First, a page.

On 17 April 2001, at 2 a.m., a Nigerian-registered ship named the Etireno pulled into the Benin port of Cotonou. Thanks to Esther Guluma, UNICEF Representative in Benin, the world had been expecting it for more than a week. The reason for all the interest was the Etireno's cargo: the ship was carrying children trafficked for labour.
Despite the sensation the story caused, this kind of cargo is not as unusual in this part of the world as most of us assume. Poverty in Benin is such that some desperate parents resort to selling their children, who become trafficked to work for little or no compensation or for sexual exploitation.
"The story of those children on the Etireno allowed me to bring to the attention of the world the phenomenon of the trafficking of children," says Ms. Guluma. "I wanted to show the world that they must do something about the suffering of these children – and they must do it fast."
The furore was productive.
"The acknowledgement of the Benin Government in a statement signed jointly with UNICEF Benin, saying that the traffic in children indeed exists, could not have happened without the media pressure," Ms. Guluma says. "The activities of the police Minors Brigade have since been stepped up, with a number of arrests of traffickers made. Also, the charges against those involved with the Etireno serve as a deterrent in some way."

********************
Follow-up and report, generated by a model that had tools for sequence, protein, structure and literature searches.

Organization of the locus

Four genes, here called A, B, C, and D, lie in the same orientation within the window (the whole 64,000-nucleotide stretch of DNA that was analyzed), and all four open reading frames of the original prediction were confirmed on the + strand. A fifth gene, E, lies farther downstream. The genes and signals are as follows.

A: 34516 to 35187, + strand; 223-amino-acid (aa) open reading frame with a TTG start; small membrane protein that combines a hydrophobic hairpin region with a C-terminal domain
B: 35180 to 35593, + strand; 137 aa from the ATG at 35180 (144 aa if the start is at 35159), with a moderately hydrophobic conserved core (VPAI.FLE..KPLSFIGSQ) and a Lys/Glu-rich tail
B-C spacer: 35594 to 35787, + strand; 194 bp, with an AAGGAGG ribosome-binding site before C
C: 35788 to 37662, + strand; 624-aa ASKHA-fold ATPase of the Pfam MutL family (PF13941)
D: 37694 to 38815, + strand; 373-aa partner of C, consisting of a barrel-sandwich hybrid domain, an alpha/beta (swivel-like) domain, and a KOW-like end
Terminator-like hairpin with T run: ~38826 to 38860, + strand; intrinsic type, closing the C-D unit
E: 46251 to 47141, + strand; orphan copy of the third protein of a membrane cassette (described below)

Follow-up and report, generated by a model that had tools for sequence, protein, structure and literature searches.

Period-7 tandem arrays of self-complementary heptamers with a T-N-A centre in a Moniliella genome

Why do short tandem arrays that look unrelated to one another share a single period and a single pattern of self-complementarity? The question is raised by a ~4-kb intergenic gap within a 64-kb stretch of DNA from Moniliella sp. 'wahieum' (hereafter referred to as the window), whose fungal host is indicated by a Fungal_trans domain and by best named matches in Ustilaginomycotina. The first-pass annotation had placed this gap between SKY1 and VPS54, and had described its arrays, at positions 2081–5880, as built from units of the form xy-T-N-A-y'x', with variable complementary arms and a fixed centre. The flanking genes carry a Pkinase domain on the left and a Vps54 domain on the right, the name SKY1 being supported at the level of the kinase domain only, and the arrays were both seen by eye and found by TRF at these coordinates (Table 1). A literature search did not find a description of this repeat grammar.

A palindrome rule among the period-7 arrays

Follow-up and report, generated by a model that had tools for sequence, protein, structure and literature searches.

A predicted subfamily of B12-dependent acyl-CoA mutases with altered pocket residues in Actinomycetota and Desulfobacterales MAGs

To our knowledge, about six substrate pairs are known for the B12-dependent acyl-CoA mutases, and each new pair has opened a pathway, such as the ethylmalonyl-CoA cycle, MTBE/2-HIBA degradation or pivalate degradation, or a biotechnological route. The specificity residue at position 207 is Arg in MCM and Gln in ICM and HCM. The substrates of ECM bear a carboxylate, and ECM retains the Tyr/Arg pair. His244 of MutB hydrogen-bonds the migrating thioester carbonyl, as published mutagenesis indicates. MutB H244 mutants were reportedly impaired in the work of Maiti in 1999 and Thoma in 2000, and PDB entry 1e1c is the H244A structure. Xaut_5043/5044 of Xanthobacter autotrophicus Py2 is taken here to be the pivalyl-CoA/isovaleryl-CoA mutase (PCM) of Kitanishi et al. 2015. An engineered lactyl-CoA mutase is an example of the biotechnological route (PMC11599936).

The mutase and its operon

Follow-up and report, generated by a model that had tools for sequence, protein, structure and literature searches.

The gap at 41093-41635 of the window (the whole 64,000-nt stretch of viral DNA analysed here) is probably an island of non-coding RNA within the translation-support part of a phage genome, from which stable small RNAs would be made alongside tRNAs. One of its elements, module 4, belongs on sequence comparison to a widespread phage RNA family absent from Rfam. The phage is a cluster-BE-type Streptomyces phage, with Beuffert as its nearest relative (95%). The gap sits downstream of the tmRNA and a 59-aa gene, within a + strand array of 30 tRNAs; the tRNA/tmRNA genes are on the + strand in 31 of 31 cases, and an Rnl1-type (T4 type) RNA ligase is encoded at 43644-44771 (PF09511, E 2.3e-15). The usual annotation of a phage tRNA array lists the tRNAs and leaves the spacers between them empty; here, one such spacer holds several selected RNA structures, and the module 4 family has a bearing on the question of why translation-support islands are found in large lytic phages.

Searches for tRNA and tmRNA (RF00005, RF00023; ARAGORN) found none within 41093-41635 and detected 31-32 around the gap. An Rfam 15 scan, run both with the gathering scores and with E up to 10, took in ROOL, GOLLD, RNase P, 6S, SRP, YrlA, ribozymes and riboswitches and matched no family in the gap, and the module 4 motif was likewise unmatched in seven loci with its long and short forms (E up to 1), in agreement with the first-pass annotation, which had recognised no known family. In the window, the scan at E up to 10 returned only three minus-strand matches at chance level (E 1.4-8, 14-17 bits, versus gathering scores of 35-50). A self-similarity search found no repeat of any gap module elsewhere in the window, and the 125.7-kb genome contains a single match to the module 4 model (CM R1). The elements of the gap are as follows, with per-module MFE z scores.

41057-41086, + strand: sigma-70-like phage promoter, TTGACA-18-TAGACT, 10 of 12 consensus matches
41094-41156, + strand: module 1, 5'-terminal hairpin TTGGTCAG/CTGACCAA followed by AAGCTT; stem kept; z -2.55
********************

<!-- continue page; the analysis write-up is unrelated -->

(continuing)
Ms. Guluma's UNICEF career began in Kenya in 1992.
"In my mind Kenya was the safari land," she says. But she soon became familiar with a side of the country that doesn't feature in the tourist brochures: the slums of Nairobi and the appalling conditions of the children who live and work on the street.
"I also quickly learned about the devastation of HIV/AIDS and the ravages of the repeated draughts in the north of the country," Ms. Guluma continues. "My eyes were opened to the suffering of others through dedicated UNICEF staff members who worked with the poor, the sick, the illiterate. It was satisfying to know that the work we were doing was positively changing people's lives."
Her next posting, to Liberia, was also a revelation.
"I learned the meaning of desperation among the displaced," Ms. Guluma says of her time there. "But I also learned how much a rapid response in sending medicine, water, shelter and clothing means in times of tragedy."
For UNICEF, such emergency measures are always only part of the story, and Ms. Guluma was also closely involved with rebuilding and rehabilitation in Liberia. She worked with former child soldiers, developed a trauma-counselling programme, pressed for the acceptance of education in emergencies and designed and implemented a peace education programme.
Esther Guluma is fortunate that her husband, a medical doctor, is able to accompany her as she moves around the world. And she believes that her itinerant way of life has had advantages for her children. "My work has given them a truly one-world culture," she says.